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December 2010, Volume 60, Issue 12

Student's Corner

An optimum diagnostic test for amoebic liver abscess in endemic areas: are we there yet?

Madam, Entamoeba histolytica, a protozoan parasite, causes a spectrum of diseases in man. The most common extra-intestinal manifestation of amoebiasis is liver abscess.1 This entity can cause significant morbidity and mortality particularly when the abscess ruptures into cavities such as pleura, peritoneum, pericardium or organs such as the stomach. Amoebic liver abscess (ALA) is mainly concentrated in the developing countries because of factors such as poor public health, sanitation and personal hygiene.2
In view of the mortality that can be incurred from the complications associated with ALA, prompt diagnosis and treatment is of utmost importance in improving the survival of patients.2 Apart from meticulous history and detailed physical examination, imaging and serologic testing are generally included in the investigative work-up of a patient suspected to have ALA. However, imaging modalities are limited by lack of specificity for ALA. This places a higher reliance on serologic tests such as indirect haemagglutination assay (IHA).
However, physicians must be mindful of a few considerations while interpreting the results of IHA. Some patients may not exhibit an antibody response in acute settings because the testing may have been done too early in the natural course of the disease. While elevation of IHA titres has been reported to have a high sensitivity in non-endemic settings,3 a similar elevation occurring in an endemic area should be cautiously interpreted because of the possibility of high background seropositivity which can result from prior symptomatic or asymptomatic amoebic infections. In a longitudinal study on patients with ALA in an endemic area, all patients remained seropositive by IHA testing even after 6 months of initial presentation.4 This underscores the limitation of using an IHA assay in an endemic area for the diagnosis of amoebiasis in individuals with incipient or recurrent infections. However, IHA continues to be widely used due to the simplicity and relatively inexpensive nature of the test.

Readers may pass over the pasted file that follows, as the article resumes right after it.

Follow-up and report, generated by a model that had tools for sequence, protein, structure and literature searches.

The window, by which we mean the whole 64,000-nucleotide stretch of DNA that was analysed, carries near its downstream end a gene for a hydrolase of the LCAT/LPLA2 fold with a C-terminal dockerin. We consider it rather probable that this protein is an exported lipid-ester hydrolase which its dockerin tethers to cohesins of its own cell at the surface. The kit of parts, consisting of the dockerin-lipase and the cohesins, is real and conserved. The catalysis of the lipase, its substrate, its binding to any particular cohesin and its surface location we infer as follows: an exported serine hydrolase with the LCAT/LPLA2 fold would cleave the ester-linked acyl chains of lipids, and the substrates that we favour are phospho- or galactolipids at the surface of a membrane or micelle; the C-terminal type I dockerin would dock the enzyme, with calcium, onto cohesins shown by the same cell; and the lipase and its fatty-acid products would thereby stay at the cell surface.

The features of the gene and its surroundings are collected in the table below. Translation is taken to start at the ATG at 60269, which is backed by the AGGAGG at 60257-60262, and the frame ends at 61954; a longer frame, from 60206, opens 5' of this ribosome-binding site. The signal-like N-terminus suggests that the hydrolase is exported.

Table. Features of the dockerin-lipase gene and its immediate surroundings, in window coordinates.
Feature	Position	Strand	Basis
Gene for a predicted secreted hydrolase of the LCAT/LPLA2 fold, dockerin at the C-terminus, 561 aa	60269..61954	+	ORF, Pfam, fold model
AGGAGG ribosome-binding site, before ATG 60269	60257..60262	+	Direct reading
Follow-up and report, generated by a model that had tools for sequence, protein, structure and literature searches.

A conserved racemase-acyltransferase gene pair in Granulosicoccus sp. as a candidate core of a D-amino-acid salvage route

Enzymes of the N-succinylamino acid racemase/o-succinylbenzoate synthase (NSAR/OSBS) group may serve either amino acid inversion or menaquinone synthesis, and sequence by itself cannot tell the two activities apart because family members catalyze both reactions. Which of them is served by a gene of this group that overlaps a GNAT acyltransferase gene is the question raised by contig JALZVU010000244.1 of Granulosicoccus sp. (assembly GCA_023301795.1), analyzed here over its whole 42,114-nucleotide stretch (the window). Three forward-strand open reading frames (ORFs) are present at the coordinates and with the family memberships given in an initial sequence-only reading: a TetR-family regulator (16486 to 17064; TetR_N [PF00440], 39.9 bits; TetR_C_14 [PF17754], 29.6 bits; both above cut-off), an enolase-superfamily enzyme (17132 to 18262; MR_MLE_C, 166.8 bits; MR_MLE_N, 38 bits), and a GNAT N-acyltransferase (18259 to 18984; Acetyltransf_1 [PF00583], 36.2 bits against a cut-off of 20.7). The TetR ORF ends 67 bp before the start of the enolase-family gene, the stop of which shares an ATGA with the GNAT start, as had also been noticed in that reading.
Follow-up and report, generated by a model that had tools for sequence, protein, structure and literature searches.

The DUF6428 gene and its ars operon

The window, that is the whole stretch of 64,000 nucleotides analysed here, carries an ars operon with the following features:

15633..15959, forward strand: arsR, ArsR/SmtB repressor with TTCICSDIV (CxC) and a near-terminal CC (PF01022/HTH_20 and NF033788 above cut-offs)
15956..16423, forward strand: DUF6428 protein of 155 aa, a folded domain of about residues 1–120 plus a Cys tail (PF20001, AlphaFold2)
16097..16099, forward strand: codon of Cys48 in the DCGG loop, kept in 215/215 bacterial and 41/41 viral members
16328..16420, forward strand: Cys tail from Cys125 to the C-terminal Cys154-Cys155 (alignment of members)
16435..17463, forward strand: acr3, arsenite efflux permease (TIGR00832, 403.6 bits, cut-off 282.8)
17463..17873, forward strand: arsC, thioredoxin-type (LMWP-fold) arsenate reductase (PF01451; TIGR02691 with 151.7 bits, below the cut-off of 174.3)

More recently, there has been an increased propensity towards the use of alternative methods for diagnosing ALA. Techniques such as polymerase chain reaction (PCR) and enzyme linked immunosorbent assay (ELISA) have been employed. However, it is clear that these remain research tools at best and consistency in results is yet to be demonstrated across the board. Moreover, the technical complexity and cost maybe prohibitive in endemic areas; many of which are developing countries without advanced biomedical infrastructures.5
Thus, the pursuit for an optimal non-invasive diagnostic test for ALA in endemic settings continues. Despite the estimated magnitude of the disease burden globally, amoebiasis has remained a neglected tropical parasitosis. A change in the outlook towards this disease is important. Resources and funding for research from the developed world will be instrumental in finding an optimum diagnostic modality for the developing world.
Taimur Saleem, Umair Khalid, Madiha Rabbani
Class of 2009, Medical College, Aga Khan University, Karachi.


1.Wells CD, Arguedas M. Amebic liver abscess. South Med J 2004; 97: 673-82.
2.Akgun Y, Tacyildiz IH, Celik Y. Amebic liver abscess: changing trends over 20 years. World J Surg 1999; 23: 102-6.
3.Haque R, Huston CD, Hughes M, Houpt E, Petri WA Jr. Amebiasis. N Engl J Med 2003; 348: 1565-73.
4.Stanley SL Jr, Jackson TF, Foster L, Singh S. Longitudinal study of the antibody response to recombinant Entamoeba histolytica antigens in patients with amebic liver abscess. Am J Trop Med Hyg 1998; 58: 414-6.
5.Tanyuksel M, Petri WA Jr. Laboratory diagnosis of amebiasis. Clin Microbiol Rev 2003; 16: 713-29.

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